This new conversation companion is a classic “nice guy.” Very early into the conversation, I reveal that I graduated college six years ago. I’ve dropped the damn charade. He takes this as an opportunity to ask me a million questions about post grad life. I reassure him that life is better, less stressful, and infinitely more interesting. I realize what a Dr. Suess world it really is out there as I explain the places he’ll go, and the people he’ll meet. He seems relieved when I tell him that he’s in a holding pattern; he hasn’t lived yet.

Once it’s clear we have nothing left to discuss, he politely excuses himself and walks away. I think that I should have erected a Lucy-esque booth with a sign reading, “Life Advice $5. The Adult is In.” 

I end up talking to Cody, who is so worried about graduating and trying to pursue his dreams after college. He asks my boyfriend and I if we like living in LA. He doesn’t think he would. He doesn’t want to raise a family here. Cody is plotting his every move for the next fifteen years.

"Cody," I say, "I hate to burst your bubble, but whatever you think you want right now, whatever you think you need, wherever you think you will be in a year or two…is bunk. Your life will change every year, and you have to be ok with it. That’s how you become who you’re supposed to be. So…why don’t you just figure out what you’re doing this summer, and stop trying to plan your life, because it will drive you crazy to tackle an impossible task. Don’t be afraid to walk away from what you love to pursue something else. Everyone has different stepping stones."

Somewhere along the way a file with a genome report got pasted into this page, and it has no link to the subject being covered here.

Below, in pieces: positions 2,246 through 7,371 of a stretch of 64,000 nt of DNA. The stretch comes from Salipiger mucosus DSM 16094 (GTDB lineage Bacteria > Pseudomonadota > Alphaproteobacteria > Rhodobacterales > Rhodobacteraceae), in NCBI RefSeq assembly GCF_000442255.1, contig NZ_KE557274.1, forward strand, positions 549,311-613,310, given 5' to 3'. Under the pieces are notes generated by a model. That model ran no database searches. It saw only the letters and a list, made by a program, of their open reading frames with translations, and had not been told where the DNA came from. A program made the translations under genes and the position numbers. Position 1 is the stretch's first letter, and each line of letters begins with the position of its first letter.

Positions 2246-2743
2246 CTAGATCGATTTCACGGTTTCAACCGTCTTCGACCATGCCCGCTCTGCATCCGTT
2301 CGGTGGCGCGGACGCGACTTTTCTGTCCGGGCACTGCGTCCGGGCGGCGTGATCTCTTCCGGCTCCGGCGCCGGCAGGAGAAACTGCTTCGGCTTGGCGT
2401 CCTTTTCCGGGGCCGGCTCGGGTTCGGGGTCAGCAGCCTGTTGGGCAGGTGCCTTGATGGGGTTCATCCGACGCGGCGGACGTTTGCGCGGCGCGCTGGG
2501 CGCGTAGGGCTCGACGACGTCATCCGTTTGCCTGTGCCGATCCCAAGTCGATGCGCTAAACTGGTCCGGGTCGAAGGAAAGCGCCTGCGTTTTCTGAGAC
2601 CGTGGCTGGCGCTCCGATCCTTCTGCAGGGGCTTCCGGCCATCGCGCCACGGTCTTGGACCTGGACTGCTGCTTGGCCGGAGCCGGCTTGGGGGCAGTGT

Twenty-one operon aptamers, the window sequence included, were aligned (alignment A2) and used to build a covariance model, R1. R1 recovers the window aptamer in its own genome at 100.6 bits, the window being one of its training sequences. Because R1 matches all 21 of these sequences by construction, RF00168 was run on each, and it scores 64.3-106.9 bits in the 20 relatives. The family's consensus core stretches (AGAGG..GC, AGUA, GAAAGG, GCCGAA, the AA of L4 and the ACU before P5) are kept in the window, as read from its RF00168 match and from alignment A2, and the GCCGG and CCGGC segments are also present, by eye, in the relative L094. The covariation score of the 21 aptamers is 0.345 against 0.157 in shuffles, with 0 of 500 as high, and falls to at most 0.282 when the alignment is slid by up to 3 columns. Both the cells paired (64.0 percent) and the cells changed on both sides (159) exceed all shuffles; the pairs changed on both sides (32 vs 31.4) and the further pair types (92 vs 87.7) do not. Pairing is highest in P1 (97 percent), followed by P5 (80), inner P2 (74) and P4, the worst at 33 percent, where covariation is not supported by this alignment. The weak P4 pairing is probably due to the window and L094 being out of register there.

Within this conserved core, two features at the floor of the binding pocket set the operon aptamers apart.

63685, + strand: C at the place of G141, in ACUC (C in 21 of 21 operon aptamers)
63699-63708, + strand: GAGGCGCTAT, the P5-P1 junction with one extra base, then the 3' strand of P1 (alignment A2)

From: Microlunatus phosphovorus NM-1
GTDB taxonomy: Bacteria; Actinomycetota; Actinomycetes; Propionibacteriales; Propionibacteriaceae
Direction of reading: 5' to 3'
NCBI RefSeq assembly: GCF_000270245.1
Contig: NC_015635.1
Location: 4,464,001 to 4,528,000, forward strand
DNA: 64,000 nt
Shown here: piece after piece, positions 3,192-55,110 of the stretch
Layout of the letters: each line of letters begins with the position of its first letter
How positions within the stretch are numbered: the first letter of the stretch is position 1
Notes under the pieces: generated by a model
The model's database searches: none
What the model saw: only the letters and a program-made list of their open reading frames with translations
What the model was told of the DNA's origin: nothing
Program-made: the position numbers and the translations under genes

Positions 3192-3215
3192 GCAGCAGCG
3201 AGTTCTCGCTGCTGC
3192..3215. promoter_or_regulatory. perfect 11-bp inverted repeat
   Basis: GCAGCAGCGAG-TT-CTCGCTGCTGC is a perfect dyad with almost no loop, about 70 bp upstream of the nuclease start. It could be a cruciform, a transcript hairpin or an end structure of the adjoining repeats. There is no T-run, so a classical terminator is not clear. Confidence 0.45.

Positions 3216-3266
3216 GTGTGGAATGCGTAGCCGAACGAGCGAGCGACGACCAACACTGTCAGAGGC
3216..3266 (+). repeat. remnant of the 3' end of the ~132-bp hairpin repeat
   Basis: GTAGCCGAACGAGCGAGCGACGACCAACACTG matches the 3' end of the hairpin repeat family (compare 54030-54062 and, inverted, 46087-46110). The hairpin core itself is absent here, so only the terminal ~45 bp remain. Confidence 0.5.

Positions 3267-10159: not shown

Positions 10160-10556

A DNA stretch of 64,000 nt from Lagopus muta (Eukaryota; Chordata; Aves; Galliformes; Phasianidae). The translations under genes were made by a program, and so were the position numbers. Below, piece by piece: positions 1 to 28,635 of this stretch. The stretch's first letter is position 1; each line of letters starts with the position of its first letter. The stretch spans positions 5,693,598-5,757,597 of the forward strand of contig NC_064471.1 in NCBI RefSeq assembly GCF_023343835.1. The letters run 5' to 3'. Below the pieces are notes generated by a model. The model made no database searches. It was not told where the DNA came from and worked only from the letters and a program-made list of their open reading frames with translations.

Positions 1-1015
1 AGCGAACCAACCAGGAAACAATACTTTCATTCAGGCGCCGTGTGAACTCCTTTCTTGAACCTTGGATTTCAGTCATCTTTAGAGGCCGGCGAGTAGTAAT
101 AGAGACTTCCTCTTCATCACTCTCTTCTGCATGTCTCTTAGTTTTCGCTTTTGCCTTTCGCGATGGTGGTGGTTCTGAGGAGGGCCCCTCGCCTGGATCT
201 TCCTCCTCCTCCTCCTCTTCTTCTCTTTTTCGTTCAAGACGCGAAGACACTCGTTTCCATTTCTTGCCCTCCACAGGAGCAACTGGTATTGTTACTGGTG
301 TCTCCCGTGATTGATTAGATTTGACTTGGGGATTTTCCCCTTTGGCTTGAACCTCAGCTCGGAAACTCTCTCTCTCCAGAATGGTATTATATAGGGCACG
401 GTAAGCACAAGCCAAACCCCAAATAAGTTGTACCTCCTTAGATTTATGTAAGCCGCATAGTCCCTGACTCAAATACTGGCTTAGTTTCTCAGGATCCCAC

He sincerely thanks me for telling me to chill the fuck out, and we hug. I feel thankful for allowing him the opportunity to have some perspective on my own getting closer to real adulthood life.


I stand in the middle of loud drunken people who haven’t grown into themselves. I’m invisible as I watch them have “the time of their lives.” I realize that many of them are still virgins, have never had their heartbroken, never feared paying rent on time, have not yet been forced to work a menial job.

What they are telling me is that they’re all scared about graduating, finding a job, paying off student loans, being happy, financial independence without a safety net.

They have awkward self-conscious sex, cry over people who they will only know through Facebook in five years, worry about mid-terms, don’t take internships seriously, believe vomiting is the sign of a solid night, and think that they are genuinely already adults because they went to Cabo San Lucas for Spring Break and didn’t die. They think that have everything and nothing figured out at the same time. They live in terror of being uncool.

But they’re also optimistic, innocent, authentic, wide-eyed, and eager to please. As much I want to steal their time and opportunity, they want to suck my experiences dry. They want to know their future. They want to  know that everything will be OK. They want to know that they will end up as stable and happy as me.

So we are at a standstill. I can’t go back, and they can’t move forward. We’re both trapped in our own separate limbos. I finish my beer without vomiting, and I still consider it a solid night.